Death Sentence (2007) dir. James Wan
Starring: Kevin Bacon, Garrett Hedlund, Kelly Preston, John Goodman
“Death Sentence” is the latest in a long line of urban vigilante films. In fact, it’s based on a Brian Garfield novel, which in 1975 served as the sequel to his original “Death Wish”. So in many ways James Wan is going back to the original source material of revenge cinema. Unfortunately the film is all over the map in terms of style, tone and structure. It’s a sloppy effort from Wan, who by now (it’s his third film) should be, honing his storytelling craft. “Death Sentence” is unfocused and meandering.
Nick Hume (Kevin Bacon) is a conservative suburban dad and husband who embraces his son’s hockey playing talents. One night while taking him home from a game the son is murdered in a gangland initiation. During the trial Nick is pressured into offering the accused a plea bargain. After the killer mocks Nick in court, Nick decides to let him go free so he may inflict his own personal justice. Kevin Bacon feels awkward in these scenes. Wan only puts Nick in ‘half-vigilante’ mode. He confronts and inadvertently kills his son’s killer, which sparks a gangland war against Nick and his family.
This should be enough to set in motion the events of revenge we expect Nick to now impose on the gang members. But there’s some more heinous acts against Nick that set him off even further. This comes at the 1hour mark, at which point the film should be turning into the third act. But this feels like a first act event. After Nick is shot and left for dead along with his family. Nick becomes a 100% devoted vigilante and decides to enact full ass-kicking justice come hell or highwater.
The film is remarkably inconsistent in tone. The opening scenes which are awkwardly shot move between dark and dirty toughness to clichéd melodrama. At the most emotional scenes in the film he uses a series of inappropriate melo indie-rock songs to enhance the mood. Whether its’ Nick crying in the shower or during his son’s funeral when these songs are played it feels like unnecessary stylistic excesses – like a Gun and Roses video.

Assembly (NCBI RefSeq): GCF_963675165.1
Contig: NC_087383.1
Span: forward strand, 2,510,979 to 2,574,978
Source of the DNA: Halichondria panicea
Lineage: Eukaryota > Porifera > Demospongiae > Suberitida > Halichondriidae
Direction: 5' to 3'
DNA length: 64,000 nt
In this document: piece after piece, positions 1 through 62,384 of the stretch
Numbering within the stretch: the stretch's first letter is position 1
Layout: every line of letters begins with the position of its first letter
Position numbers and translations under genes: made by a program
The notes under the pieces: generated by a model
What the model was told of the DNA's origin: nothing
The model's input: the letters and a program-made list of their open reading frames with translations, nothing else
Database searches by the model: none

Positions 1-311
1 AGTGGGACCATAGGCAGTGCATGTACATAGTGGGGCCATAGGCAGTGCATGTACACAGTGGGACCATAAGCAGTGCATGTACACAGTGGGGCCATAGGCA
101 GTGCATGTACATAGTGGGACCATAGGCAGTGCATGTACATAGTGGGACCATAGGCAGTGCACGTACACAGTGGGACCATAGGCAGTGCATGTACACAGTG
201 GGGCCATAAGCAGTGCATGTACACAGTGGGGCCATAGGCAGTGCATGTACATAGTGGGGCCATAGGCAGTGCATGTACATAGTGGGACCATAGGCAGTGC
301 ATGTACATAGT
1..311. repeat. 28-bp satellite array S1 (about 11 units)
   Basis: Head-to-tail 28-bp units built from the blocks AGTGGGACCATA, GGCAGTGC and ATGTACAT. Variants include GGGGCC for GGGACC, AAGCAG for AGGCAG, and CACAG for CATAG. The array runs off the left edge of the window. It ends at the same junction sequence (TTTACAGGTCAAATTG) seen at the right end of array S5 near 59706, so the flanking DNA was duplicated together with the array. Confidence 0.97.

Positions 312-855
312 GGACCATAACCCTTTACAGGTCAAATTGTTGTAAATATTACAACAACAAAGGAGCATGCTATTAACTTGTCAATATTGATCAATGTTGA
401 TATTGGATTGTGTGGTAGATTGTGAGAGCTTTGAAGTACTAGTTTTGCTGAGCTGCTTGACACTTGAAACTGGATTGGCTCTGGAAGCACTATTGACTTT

Wan also crafts a lengthy action sequence which has the gang members chasing down Nick in a parking lot. The set piece is so long and action-oriented it feels like a different film. Wan even shoots a long take in the parking lot as Bacon is running through the lot setting off car alarms to distract his pursuers. Up until now it was a small scale character study, but with gun ablazing in broad daylight, with cars falling off of high roofs, it feels more like “Die Hard” than “Death Wish”.
Technically Wan doesn’t seem to have command of his compositions either. He frequently uses extremely wide angle lenses with odd camera angles. These shots don’t mesh with the rest of the film. A director has to be very careful with changing lens sizes – especially with the extremes – it can take the viewer out of the film is used inappropriately. I certainly was.
Of the 120 mins of the unrated film I watched on DVD there’s about 20mins of interesting and exciting material. The film finally revs its engines and gets tough at the 1hr 20mins mark when Nick emerges from the hospital a broken down man. As he rebuilds himself into the Bronson-esque truely single- minded vigilante we get a taste of what this film should have been. The style, tone, lighting, acting etc that was so inconsistent in the first half comes together perfectly for these 20mins. Wan stages a fantastic gun fight in a warehouse between Nick and the gang members, which is uncompromising and tough.
If Wan had expanded his film using the style of these 20mins he would have had a good film.
“Death Sentence” is available on DVD Jan 8, 2008 from Twentieth Century Fox Home Entertainment.